Rain by its nature is important for replenishing drinking water supplies, recreation and healthy wildlife habitats. It only becomes a problem when pollutants from activities like car washing and maintenance, lawn care and dog walking are left on the ground for rain to wash away into the storm sewer and ultimately into Nebraska’s rivers and streams. Here are some important ways to prevent storm water pollution:
When it rains it drains - What everyone should know about stormwater
Ralston Tall Grass Update
There are a lot of different opinions about Ralston's new tall grass initiative to restore certain unused or little-used portions of city parks and right-of-ways to meadow. Some Ralston park users like it. They think there is an environmental benefit and appreciate that it reduces the time city crews spend mowing grass. Others don't have a strong opinion about it. Often these are people who use the parks just for walking, staying on groomed trails. But a number of residents and park users recently came forward with concerns at city council and park and tree commission meetings. And elected officials and city staff have responded to phone calls, emails and met and talked with residents and users at the parks.
In response to some of these concerns, the city is making the following adjustments to the tall grass program:
1. Pierson Field. The city will cut a greater portion of the top of the hill between the ballfield and 84th Street to allow children more space to play and warm up for games. In addition, there is a sloped island in the parking lot that is difficult to mow, hence the city stopped mowing it. The city will mow the perimeter of the island and the two bump outs on the ends. This is a compromise, but it will provide a neater appearance in keeping with the rest of the parking area.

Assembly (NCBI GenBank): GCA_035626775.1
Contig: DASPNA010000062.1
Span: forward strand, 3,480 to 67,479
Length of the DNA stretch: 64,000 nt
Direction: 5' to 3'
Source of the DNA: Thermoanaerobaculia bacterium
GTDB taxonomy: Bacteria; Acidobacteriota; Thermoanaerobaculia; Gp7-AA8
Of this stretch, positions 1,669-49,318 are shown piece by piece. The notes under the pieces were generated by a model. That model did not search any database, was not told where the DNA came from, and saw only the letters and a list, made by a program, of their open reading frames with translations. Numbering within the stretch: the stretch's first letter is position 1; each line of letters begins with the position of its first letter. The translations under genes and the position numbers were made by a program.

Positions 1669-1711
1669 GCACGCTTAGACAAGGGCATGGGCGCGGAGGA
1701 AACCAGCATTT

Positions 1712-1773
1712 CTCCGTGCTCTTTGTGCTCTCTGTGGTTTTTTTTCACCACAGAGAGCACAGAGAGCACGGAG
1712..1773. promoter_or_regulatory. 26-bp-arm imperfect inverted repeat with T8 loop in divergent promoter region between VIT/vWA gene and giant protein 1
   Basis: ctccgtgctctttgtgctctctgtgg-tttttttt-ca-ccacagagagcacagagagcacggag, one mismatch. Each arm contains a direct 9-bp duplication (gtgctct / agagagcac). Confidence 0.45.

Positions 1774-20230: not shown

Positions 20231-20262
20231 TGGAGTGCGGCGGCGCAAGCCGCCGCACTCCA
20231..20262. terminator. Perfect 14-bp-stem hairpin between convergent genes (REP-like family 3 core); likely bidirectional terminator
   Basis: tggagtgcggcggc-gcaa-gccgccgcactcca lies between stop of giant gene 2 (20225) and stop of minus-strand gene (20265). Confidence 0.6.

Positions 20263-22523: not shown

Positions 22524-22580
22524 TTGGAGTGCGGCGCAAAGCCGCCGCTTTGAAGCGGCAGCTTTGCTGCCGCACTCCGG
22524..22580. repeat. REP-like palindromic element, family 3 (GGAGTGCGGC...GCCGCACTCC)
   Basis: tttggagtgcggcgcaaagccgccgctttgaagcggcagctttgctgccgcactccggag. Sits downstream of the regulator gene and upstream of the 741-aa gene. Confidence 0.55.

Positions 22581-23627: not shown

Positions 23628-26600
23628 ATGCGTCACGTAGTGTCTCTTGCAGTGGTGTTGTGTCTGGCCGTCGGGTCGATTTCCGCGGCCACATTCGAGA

2. Ponderosa Park. Several residents have told council and the park and tree commission that they enjoy throwing a frisbee in the area of the park near the playscape, but can no longer do so since the introduction of tall grass. The city will do some additional cutting to provide for this activity. In addition, one resident was concerned that there was no access through the tall grass to allow users to walk from one side of the park to the other, north and south. The city will cut open two wide avenues across the tall grass to link the north and south sides of the park.
3. Wildewood Park. One family interviewed on site said that they like to play pick-up games of soccer at the bottom of the hill next to the volleyball court, but are no longer able to do so. The city will do some additional cutting to open the area and also cut an avenue through to the trail.
These changes to the tall grass program will be scheduled as time permits. With the frequent rain in our area, city crews are working to catch up with their regular mowing. The good news is that the city recently hired two full-time workers who will soon be out in the field helping.
There may be other adjustments to the city’s tall grass program as elected officials and city staff listen and learn from residents and park users. We encourage you to continue to reach out to your elected officials and city hall regarding this and other issues of concern to you.